Million Mom March

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The Million Mom March was a rally held on Mother's Day, May 14, 2000 in the Washington D.C. National Mall by the Million Mom March organization in order to promote tighter gun control.[1] The march reportedly drew an estimated attendance of 750,000 people at the D.C. location, but with 150,000 to 200,000 people holding satellite events in more than 70 cities across the country,[2] the total number of participants was about a million.[3][4]

A counter-rally by the pro-firearm Second Amendment Sisters, was also held on the same day.[5]

History[edit]

The Million Mom March began as a grassroots movement sparked by Donna Dees-Thomases after she viewed broadcast coverage of the Los Angeles Jewish Community Center shooting in Granada Hills, California.[6] In October 1999 she and several Tri-State activists held a news conference in Manhattan, where they announced their intent to march on Washington.[7] The march was held on May 14, 2000 to coincide with Mother's Day, with the organization reporting a turnout of 750,000 supporters.[4] Following the event the organization became chapter-based and merged with the victim-led anti-gun violence group Bell Campaign.[8] In 2002 the Million Mom March organization merged with the Brady Campaign.[9][10]

On the anniversary of the first march, more than 100 rallies were held across the nation calling for stricter gun laws at the state level. In New York, Republican Governor George Pataki joined Democratic U.S. Senator Hillary Rodham Clinton in a show of bipartisan support for stricter gun laws.[11]

On the state level, Million Mom March Chapters have had numerous successes in passing stricter gun laws.[12] In 2001, the New Jersey Million Mom March Chapters helped pass groundbreaking legislation to require all new handguns to have childproof safety features. In 2005, the Illinois Million Mom March Chapters helped to pass legislation to make private sales of firearms without a background check illegal in that state. Following the Virginia Tech massacre in 2007, Chapter leaders in eight states (Minnesota, Texas, New York, Washington, Illinois, Pennsylvania, Virginia and North Carolina) successfully pushed for measures ensuring that mental health records be uploaded to the National Instant Criminal Background Check System so that background checks would bar persons who had been involuntarily committed to a mental health facility from purchasing firearms. In California, chapters helped pass new gun laws including a ban on .50 caliber rifles, requiring all new semi-automatic handguns to have "microstamping" technology, and helped pass legislation requiring handgun ammunition vendors to keep purchaser records.[12]

Debate[edit]

Second Amendment activists have routinely challenged the Million Mom March on its use of statistics on child gun casualties[13][14] with individuals and organizations on both sides of the gun debate either verifying or criticizing the group's data.[15][16] The American Thinker, a conservative online daily, charged that the group's estimate of the number of children who die in handgun related incidents every day was greatly exaggerated.[17] Fox News reported[citation needed] that in 2001, only 5,732 children under the age of 17 died in gun related deaths, which the network claimed stated was "roughly 40 percent of what MMM asserts."[citation needed]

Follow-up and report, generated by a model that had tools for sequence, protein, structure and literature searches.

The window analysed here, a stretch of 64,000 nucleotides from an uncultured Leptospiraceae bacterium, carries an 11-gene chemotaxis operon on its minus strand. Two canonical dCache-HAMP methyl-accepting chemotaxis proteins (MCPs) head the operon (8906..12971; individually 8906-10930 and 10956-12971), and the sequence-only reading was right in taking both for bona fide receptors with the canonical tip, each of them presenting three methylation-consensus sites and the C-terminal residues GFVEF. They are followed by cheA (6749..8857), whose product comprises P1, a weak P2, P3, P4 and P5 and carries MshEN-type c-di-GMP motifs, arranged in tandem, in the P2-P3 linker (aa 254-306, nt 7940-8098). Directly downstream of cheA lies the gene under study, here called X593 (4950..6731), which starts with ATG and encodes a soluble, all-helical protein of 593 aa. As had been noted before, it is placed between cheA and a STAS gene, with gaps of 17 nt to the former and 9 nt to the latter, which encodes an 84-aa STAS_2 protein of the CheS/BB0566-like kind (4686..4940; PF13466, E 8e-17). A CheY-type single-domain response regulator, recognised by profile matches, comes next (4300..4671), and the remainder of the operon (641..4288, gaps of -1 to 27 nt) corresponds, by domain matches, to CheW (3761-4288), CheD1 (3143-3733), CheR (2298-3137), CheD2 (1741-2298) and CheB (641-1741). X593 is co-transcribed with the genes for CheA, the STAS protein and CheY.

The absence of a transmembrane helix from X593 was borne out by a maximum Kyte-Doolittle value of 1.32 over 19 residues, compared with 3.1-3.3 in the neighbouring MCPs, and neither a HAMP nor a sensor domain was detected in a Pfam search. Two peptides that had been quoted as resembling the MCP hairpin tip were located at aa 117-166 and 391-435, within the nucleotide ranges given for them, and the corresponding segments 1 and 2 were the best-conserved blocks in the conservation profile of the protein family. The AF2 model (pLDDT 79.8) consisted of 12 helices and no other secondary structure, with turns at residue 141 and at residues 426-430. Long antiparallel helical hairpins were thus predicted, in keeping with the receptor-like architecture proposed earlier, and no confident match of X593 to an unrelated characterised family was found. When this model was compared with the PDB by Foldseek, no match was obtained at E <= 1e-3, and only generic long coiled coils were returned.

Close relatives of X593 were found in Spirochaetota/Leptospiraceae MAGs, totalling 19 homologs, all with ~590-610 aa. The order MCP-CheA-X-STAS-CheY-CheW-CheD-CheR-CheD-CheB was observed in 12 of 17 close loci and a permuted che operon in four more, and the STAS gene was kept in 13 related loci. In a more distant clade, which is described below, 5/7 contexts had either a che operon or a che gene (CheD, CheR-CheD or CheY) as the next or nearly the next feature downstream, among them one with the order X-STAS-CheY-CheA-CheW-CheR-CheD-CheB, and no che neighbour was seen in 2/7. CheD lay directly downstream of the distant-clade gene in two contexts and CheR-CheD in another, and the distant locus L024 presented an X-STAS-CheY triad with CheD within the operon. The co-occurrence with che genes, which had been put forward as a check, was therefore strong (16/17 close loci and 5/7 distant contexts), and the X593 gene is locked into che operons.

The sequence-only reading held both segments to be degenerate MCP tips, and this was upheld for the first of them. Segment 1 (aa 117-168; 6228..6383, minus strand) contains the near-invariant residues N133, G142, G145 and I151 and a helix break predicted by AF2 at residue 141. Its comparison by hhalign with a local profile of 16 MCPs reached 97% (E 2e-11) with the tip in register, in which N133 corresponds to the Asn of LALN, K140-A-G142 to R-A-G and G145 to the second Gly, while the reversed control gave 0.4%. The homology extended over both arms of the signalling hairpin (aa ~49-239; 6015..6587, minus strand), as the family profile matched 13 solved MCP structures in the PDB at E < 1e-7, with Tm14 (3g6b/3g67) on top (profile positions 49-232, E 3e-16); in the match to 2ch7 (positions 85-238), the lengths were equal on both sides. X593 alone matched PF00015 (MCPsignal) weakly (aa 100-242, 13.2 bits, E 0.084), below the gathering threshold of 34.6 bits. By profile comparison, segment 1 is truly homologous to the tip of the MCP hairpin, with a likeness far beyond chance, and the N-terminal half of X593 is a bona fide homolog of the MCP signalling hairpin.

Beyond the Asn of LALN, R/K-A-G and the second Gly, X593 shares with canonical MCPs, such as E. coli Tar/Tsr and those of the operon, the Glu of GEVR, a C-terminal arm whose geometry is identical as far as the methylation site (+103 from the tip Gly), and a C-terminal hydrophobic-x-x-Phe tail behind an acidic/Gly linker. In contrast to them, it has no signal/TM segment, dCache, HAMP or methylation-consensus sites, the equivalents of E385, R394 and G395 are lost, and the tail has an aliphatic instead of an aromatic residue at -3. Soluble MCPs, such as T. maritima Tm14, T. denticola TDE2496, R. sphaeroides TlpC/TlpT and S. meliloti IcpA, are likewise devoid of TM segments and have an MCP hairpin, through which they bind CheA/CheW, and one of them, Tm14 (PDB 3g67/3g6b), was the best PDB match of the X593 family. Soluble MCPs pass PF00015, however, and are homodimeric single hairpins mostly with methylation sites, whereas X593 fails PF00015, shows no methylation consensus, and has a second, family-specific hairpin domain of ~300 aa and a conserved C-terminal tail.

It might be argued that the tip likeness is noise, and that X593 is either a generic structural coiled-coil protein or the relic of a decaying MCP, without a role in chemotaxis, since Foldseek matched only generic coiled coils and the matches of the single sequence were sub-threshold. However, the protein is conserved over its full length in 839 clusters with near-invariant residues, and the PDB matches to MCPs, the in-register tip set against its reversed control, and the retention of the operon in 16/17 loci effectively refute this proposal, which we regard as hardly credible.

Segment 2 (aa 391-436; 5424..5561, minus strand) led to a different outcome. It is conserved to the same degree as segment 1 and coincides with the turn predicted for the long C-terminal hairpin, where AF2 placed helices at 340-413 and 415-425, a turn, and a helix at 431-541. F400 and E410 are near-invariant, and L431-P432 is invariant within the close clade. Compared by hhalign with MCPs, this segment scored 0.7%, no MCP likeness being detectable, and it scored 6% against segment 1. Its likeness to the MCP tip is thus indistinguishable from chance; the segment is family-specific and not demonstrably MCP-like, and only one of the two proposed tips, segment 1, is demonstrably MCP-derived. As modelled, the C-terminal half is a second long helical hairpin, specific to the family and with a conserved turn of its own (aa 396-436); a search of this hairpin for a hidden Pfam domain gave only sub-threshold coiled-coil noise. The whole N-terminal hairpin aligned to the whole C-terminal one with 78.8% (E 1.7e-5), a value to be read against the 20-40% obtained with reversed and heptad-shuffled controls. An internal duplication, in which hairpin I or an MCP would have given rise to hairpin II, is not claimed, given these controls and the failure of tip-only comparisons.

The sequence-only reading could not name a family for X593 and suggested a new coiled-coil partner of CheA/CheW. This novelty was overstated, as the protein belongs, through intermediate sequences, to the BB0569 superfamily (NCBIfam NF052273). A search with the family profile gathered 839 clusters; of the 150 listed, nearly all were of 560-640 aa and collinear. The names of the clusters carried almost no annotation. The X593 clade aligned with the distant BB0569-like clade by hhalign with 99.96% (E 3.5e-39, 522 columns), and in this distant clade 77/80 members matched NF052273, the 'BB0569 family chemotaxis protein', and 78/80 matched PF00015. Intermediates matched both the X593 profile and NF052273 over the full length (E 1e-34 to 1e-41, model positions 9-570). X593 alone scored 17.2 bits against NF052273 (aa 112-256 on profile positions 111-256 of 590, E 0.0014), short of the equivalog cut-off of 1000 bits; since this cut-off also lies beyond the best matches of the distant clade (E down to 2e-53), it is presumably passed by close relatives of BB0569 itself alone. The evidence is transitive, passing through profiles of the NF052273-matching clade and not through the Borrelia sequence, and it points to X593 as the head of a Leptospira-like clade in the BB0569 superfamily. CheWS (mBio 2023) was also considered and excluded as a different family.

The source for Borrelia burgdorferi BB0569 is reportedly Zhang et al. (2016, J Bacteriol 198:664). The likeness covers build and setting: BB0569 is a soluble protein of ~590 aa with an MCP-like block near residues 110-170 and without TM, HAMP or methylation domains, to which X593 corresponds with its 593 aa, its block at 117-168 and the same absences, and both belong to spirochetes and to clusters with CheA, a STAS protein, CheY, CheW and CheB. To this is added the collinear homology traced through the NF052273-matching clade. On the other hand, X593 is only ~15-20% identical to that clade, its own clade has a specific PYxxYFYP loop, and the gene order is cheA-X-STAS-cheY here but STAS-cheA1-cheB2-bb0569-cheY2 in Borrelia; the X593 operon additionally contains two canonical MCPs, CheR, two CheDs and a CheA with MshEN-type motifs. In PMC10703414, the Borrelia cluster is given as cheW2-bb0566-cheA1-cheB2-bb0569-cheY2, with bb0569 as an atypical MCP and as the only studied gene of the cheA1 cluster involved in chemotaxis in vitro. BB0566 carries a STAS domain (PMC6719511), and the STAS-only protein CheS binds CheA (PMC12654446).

An investigation by The New York Times reported that the incidence of child firearm deaths occur "roughly twice as often as the records indicate" due to idiosyncrasies in how authorities in various states classify these incidents.[18] The report also asserted that the National Rifle Association and other Second Amendment groups utilize the lower statistics in order to lobby against stronger gun laws.[18]

See also[edit]

References[edit]

  1. ^ "Because they say so". Pittsburgh Post-Gazette. May 16, 2000. Retrieved 22 January 2013. 
  2. ^ "A MUDDLED MOM MARCH". Pittsburgh Post-Gazette. May 21, 2000. Retrieved 22 January 2013. 
  3. ^ "A Brief History of Women's Protests". Time. 12 August 2011. Retrieved 22 January 2013. 
  4. ^ a b "MINNESOTANS JOINED AN ESTIMATED 750,000 IN WASHINGTON, D.C., ON MOTHER'S DAY TO DRAW ATTENTION TO GUN VIOLENCE.". St. Paul Pioneer Press. May 15, 2000. Retrieved 22 January 2013. 
  5. ^ "Opposing Women Gird For Million Mom March". Reading Eagle. May 14, 2000. Retrieved 22 January 2013. 
  6. ^ "Idealism fuels Million Mom March". Deseret News. May 5, 2000. Retrieved 22 January 2013. 
  7. ^ James, George (October 31, 1999). "POLITICS AND GOVERNMENT; Mothers Hope They're One in a Million". New York Times. Retrieved 22 January 2013. 
  8. ^ "Million Mom March modeled after MADD". Denver Post. September 5, 2000. Retrieved 22 January 2013. 
  9. ^ "What happened to Million Mom chapter?". Pittsburgh Post-Gazette. Jul 24, 2002. Retrieved 22 January 2013. 
  10. ^ "About Us". Brady Campaign. Retrieved 22 January 2013. 
  11. ^ "About Us". Brady Campaign to Prevent Gun Violence. Retrieved 22 January 2013. 
  12. ^ a b "A Decade Later, Million Mom March Endures As a Force to Save Lives". Common Dreams. Retrieved 6 May 2010. 
  13. ^ "DUELING STATISTICS ON GUN CONTROL, BOTH SIDES MISFIRE". San Jose Mercury News. May 21, 2000. Retrieved 22 January 2013. 
  14. ^ "Moms to march on misinformation". Washington Times. May 7, 2000. Retrieved 22 January 2013. 
  15. ^ "IGNORES THE EVIDENCE". Pittsburgh Post-Gazette. May 31, 2000. Retrieved 22 January 2013. 
  16. ^ Paulso, Amy (8 May 2000). "Million Mom March organizers hope to spur congressional action on gun legislation". CNN. Retrieved 22 January 2013. 
  17. ^ "Why Does the Anti-Gun Camp Need to Lie?". American Thinker. Retrieved 22 January 2013. 
  18. ^ a b Luo, Michael; McIntire, Mike (September 28, 2013). "Children and Guns: The Hidden Toll". The New York Times. Retrieved 28 September 2013. 

External links[edit]